There were several more things that resonated with me about the movie:
1. I really like the music, in that it expands past the typical brooding style of other movies about broken relationships. It has energy and effective use of the violin, and it is nice that it doesn’t rely entirely on long minor chords with the strings and piano.
2. It explores the idea of restitution a little bit. Restitution means you make amends when you cause someone loss. I’ve often thought about whether restitution is imperative or something which the individual conscience should decide, leaning more towards letting the individual decide. For example, if I committed a secret sin that affected someone, but they didn’t know it affected them (similar to the stealing that goes on in this movie), and I changed and confessed my sins to God, I don’t know what I would do: move on, or revisit the past and open myself up to more negative consequences, and sometimes weaken relationships? Wisdom involves knowing when to keep one’s mouth shut, when to let matters of the past be “water under the bridge”. Proverbs 17:9 says it’s sometimes wiser just to move on instead of telling every sin of the past, if it’s not divisive to the relationship: “He who conceals a transgression seeks love, but he who repeats a matter separates intimate friends.” I think it is unwise to make an absolute code of how and when to make restitution. In this story, part of the journey of repentance of Tony (the husband) involves making restitution. At least it was done in the context of him feeling burdened, rather than being told that God demanded it of him.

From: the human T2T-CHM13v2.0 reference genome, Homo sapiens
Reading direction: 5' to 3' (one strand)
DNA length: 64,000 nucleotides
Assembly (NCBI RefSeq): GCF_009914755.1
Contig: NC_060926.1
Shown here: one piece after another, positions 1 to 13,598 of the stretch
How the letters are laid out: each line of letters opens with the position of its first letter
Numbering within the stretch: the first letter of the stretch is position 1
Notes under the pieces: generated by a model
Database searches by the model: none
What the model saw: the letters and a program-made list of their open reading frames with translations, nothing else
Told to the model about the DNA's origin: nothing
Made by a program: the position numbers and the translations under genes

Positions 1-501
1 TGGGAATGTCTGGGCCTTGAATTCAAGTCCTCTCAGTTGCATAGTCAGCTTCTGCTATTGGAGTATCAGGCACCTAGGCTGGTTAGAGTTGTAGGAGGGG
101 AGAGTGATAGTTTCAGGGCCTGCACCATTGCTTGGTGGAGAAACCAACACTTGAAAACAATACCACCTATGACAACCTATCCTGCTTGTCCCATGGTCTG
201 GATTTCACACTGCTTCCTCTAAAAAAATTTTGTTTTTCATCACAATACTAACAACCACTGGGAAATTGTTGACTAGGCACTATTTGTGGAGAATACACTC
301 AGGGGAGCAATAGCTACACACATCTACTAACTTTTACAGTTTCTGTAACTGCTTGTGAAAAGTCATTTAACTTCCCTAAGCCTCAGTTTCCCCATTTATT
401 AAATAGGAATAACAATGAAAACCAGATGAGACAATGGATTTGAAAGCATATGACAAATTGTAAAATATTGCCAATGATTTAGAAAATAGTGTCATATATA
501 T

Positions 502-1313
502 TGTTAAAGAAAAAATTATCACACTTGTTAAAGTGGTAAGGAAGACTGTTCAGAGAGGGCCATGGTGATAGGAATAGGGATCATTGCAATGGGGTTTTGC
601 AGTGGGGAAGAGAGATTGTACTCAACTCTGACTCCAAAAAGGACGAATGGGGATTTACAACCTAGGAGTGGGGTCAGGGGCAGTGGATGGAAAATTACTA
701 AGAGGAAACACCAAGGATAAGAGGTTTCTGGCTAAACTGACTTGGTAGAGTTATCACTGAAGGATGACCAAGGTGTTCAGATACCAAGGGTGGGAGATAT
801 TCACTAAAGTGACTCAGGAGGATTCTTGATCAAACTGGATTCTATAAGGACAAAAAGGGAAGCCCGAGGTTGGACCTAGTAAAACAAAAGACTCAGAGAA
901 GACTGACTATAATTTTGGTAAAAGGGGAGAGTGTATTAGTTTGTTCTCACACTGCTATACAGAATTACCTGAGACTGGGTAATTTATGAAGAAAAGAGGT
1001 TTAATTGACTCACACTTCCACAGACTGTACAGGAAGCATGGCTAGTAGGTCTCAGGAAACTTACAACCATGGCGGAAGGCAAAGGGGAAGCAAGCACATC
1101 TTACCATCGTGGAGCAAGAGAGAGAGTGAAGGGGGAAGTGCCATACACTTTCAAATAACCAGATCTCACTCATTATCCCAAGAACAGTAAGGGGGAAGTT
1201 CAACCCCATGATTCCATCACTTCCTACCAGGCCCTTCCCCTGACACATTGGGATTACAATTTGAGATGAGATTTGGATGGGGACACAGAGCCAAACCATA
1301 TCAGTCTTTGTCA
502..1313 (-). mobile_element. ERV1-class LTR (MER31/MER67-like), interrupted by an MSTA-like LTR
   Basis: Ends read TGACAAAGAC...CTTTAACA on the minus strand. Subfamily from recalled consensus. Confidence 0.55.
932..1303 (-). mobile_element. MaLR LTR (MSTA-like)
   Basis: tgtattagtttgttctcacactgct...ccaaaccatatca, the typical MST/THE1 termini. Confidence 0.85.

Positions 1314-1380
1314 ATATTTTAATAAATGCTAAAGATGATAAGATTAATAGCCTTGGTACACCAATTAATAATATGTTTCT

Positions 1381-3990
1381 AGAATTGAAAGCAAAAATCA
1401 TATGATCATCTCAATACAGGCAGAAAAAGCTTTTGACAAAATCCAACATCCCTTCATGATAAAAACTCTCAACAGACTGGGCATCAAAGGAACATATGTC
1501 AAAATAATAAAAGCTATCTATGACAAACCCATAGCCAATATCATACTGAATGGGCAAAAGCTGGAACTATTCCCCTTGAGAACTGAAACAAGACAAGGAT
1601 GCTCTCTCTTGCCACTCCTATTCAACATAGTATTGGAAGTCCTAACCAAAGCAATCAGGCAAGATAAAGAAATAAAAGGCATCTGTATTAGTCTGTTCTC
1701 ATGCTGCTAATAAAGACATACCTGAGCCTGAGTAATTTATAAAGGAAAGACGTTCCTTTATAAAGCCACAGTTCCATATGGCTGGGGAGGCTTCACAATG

3. In one scene where Elizabeth (the wife) believes the Devil is in her midst, Alex Kendrick (director) uses an interesting horror-movie style as the camera circles around the room looking for some enemy in the dark. If you see the movie, pay attention to the music and camerawork at that section.
4. If you saw the trailer and thought, like I did, that it seemed like an in-your-face “In Jesus’ name” sermon, it’s not. I know that if I was not religious, and I saw that trailer, I would not want to see the movie, but it is not a “preachy” movie at all, but really authentic, down-to-earth, and excellently performed. It reminds me a little of how Steven Spielberg toned down his energetic and fluid camera style for his Lincoln movie, making it much more about the relationships in confined environments. I really appreciate how the Kendricks let the story dictate the filmmaking style in War Room, and that they did not make it feel like a sermon, even though it functions like a sermon.